About 70% of the assets of the Colombian banking system are in the hands of national institutions, and three of the four largest banks are national. In recent years we have also seen a rapid internationalization process of the Colombian financial system, expanding into Central America and other neighboring countries. With the Central Banks and the supervisory authorities of these countries we have very close cooperation, sharing information and meeting regularly. With the United States, our main trading partner, we have a free trade agreement and a potential joint work on developing new financial instruments.
The survey conducted by the Central Bank of over 76 financial entities, research centers and universities revealed that some of the threats facing the country with regard to economic growth and the strengthening of banking are the devaluation of the change rate, the global economic slowdown, the drop in oil prices and the devaluation of the stock market. How are you facing these challenges to alleviate their impact?
Colombia is a small, open, commodity-producing economy. As the price of its main export product falls, and this fall has a permanent component, the economy has to adjust. Part of the adjustment means lower growth in aggregate expenditure, and that is taking place in an orderly manner. Another part is achieved through the devaluation of the peso, and that we have also seen. The peso has depreciated significantly against the dollar, without causing major trauma. The flexible exchange rate helps to partially cushion the negative shock from the international economy.
It is well known that greater transparency in the formulation and implementation of monetary policy strengthens the credibility of the central bank, improving the efficiency of its policies and contributing to the better functioning of the markets. How are you promoting a more transparent central bank?
The Banco de la República, the Central Bank of Colombia, is a very transparent organization. In relation to monetary policy, we have a flexible inflation targeting strategy, with objectives that are clearly defined by the Constitution and the Law, independence in handling instruments and rules of action that are well known by the domestic and international markets. After each meeting of the Board we put out a statement and hold a press conference, we publish a quarterly Inflation report, which I personally present on public television, and all those interested can ask me, live, questions. Board members continually make public presentations.
The Banco de la República is also a center to generate important knowledge for the country. This work is developed through projects of economic and financial research, production and dissemination of statistics and the promotion of economic and financial education. Could you tell us about your activities to generate knowledge?
The Bank's technical team members make a lot of reports and do research, not only on the central bank's own issues, but on other issues too. For example, an important part of the intellectual production of the country on the functioning of the labor market, regional economics, economic history, industrial economics, the performance of productive and social sectors, and many more, is conducted by technicians from the Banco de la República. The works is done in Bogota and in specialized regional centers in Cali, Cartagena and Medellin. We also have an active program of financial education, which started in the late 90s, especially aimed at young people and children. With this program we want to make them understand well what a central bank does and we want to contribute so that in the future they will take appropriate economic and financial decisions.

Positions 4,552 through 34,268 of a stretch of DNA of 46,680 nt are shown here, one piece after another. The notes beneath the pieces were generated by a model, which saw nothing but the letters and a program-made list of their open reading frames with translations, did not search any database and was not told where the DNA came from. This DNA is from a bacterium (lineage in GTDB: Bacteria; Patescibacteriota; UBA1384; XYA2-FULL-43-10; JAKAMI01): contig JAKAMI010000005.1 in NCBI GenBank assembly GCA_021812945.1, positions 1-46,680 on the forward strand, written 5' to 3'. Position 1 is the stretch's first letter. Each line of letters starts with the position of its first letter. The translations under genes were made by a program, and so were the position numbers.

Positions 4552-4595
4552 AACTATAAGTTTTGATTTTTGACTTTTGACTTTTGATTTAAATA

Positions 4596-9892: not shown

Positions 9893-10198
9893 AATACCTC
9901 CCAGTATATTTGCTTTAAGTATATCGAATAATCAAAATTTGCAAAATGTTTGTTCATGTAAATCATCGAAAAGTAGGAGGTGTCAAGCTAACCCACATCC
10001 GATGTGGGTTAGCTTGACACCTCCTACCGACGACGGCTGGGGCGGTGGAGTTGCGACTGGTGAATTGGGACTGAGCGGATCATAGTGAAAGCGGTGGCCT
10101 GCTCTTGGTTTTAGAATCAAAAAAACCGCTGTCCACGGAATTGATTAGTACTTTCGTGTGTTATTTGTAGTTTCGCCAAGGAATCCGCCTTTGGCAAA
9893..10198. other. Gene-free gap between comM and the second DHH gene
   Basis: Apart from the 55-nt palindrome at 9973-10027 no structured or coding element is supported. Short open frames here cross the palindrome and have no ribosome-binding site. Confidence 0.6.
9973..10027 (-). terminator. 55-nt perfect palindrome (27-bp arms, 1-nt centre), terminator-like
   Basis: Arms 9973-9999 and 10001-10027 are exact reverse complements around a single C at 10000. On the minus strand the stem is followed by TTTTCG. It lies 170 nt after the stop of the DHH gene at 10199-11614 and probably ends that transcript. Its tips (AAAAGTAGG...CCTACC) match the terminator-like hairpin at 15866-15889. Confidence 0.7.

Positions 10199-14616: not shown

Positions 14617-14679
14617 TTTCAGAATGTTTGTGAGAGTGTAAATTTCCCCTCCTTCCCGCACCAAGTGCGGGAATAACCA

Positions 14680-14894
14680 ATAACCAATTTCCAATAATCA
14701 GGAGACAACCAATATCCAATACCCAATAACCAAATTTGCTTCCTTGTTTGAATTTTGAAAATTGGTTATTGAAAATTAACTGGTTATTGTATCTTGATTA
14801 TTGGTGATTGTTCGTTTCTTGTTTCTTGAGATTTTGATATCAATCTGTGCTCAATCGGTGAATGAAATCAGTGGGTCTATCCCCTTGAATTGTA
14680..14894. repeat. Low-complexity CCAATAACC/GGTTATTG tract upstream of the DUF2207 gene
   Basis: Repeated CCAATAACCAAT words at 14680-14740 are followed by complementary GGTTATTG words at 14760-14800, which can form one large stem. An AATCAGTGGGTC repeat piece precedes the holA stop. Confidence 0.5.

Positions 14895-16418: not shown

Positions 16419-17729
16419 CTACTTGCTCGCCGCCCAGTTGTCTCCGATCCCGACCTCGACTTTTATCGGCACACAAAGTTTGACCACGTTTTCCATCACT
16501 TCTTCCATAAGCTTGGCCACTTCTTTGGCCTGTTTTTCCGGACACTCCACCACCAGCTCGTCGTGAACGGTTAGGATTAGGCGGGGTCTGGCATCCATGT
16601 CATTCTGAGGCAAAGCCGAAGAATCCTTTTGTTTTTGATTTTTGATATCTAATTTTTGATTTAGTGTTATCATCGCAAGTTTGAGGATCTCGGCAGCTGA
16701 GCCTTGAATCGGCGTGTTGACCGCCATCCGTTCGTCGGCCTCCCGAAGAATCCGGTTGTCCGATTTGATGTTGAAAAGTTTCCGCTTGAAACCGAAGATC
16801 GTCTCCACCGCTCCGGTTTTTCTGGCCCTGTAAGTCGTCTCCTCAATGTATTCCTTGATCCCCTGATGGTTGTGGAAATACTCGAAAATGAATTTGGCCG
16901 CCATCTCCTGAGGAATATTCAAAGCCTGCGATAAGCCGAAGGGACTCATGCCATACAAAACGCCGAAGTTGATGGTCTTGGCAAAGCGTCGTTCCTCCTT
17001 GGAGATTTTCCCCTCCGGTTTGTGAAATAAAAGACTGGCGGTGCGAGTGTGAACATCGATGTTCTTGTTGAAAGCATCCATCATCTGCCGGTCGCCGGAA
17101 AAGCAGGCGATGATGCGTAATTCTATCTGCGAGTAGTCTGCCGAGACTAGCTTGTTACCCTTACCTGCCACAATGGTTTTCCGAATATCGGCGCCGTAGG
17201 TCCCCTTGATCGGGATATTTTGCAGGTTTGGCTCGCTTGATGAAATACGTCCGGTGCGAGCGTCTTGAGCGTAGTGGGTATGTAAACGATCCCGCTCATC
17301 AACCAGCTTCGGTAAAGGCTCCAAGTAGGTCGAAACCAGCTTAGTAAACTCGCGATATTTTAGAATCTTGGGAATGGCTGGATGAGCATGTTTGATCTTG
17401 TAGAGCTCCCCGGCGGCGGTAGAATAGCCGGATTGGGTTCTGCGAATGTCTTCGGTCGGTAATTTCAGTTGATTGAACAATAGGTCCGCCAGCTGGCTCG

You were recently chosen by the British magazine The Banker as the best central banker in Latin America. What does this recognition mean on a personal level but also at a country level?
I do not see it as a personal recognition. I see it as recognition of the work done, not only by the Board, which has seven members, but also by the technical staff of the Bank, which has always been considered of very high quality.
You've been General Manager of Banco de la República since 2005, what have been your biggest disappointments and your greatest satisfactions while occupying this position in the bank?
There are many satisfactions. The main satisfaction is that Colombia has achieved the objective of price stability, defined as inflation at 3%, with a control range of plus or minus one percentage point. We have left behind decades of high inflation, fluctuating between 18 and 30%. Furthermore, the Colombian society has internalized the enormous benefits of having low inflation and an independent central bank. In terms of disappointments, I do not really have one to highlight. Of course, you always want to do more.
In relation to the support of the society you mentioned, what characteristics, in your opinion, does a good leader have?
I think a good leader should clearly define the objectives, make them be understood by all, and ensure that the objectives are achieved through teamwork. I think that is an essential feature.